Front Page Titles (by Subject) CHAP. XXI.: That we should not decide by political Laws, Things which belong to the Law of Nations. - Complete Works, vol. 2 The Spirit of Laws
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CHAP. XXI.: That we should not decide by political Laws, Things which belong to the Law of Nations. - Charles Louis de Secondat, Baron de Montesquieu, Complete Works, vol. 2 The Spirit of Laws 
The Complete Works of M. de Montesquieu (London: T. Evans, 1777), 4 vols. Vol. 2.
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That we should not decide by political Laws, Things which belong to the Law of Nations.
POLITICAL laws demand, that every man be subject to the natural and civil courts of the country where he resides, and to the censure of the sovereign.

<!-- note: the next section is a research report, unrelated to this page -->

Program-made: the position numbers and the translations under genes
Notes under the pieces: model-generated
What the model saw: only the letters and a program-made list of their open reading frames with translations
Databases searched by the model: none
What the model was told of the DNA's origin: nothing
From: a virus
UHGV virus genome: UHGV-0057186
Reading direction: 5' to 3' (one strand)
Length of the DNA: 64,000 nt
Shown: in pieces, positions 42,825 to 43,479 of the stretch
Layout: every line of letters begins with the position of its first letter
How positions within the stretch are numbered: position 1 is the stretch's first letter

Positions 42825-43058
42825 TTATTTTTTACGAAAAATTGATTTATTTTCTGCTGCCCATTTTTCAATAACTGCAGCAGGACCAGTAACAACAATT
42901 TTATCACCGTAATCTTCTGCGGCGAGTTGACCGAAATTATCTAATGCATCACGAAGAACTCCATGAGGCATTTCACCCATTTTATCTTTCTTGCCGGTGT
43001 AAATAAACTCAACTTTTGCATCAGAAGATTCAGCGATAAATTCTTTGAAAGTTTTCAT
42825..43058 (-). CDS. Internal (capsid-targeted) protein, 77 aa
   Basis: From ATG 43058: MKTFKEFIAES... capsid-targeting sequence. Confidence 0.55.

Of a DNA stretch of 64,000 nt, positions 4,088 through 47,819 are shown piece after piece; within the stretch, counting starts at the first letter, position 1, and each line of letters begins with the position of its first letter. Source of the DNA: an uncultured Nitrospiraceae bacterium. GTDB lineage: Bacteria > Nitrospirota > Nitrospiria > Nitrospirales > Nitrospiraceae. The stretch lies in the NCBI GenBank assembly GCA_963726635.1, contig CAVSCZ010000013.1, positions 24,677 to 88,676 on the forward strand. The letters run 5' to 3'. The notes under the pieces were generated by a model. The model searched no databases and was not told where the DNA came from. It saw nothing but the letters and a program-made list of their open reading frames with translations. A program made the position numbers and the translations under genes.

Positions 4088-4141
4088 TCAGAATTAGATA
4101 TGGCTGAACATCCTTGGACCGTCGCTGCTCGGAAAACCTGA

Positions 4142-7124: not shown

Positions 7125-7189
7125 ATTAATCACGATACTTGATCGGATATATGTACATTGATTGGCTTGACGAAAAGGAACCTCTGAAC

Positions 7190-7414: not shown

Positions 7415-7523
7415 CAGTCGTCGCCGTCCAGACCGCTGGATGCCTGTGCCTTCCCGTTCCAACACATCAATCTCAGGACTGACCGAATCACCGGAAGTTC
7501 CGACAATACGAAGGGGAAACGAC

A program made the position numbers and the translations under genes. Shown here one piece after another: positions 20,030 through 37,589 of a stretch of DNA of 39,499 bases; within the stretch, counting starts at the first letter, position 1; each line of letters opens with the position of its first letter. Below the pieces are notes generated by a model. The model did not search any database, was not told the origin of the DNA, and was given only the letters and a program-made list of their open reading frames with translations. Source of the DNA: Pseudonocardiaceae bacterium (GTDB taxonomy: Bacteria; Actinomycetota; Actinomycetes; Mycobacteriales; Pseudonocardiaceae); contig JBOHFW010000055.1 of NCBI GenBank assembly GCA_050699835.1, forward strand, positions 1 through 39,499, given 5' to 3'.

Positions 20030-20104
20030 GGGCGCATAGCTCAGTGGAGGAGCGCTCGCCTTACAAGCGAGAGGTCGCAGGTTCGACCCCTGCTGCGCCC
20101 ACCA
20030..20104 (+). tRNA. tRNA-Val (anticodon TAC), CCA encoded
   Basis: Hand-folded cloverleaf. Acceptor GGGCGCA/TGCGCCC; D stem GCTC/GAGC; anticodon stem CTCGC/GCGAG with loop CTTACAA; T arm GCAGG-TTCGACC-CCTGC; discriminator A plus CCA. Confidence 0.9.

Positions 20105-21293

The law of nations requires, that princes shall send ambassadors; and a reason drawn from the nature of things does not permit these ambassadors to depend either on the sovereign to whom they are sent, or on his tribunals. They are the voice of the prince who sends them, and this voice ought to be free; no obstacle should hinder the execution of their office; they may frequently offend, because they speak for a man entirely independent; they might be wrongfully accused, if they were liable to be punished for crimes; if they could be arrested for debts, these might be forged. Thus a prince, who has naturally a bold and enterprizing spirit, would speak by the mouth of a man who had every thing to fear. We must then be guided, with respect to ambassadors, by reasons drawn from the law of nations, and not by those derived from political law. But if they make an ill use of their representative character, a stop may be put to it by sending them back. They may even be accused before their master, who becomes either their judge or their accomplice.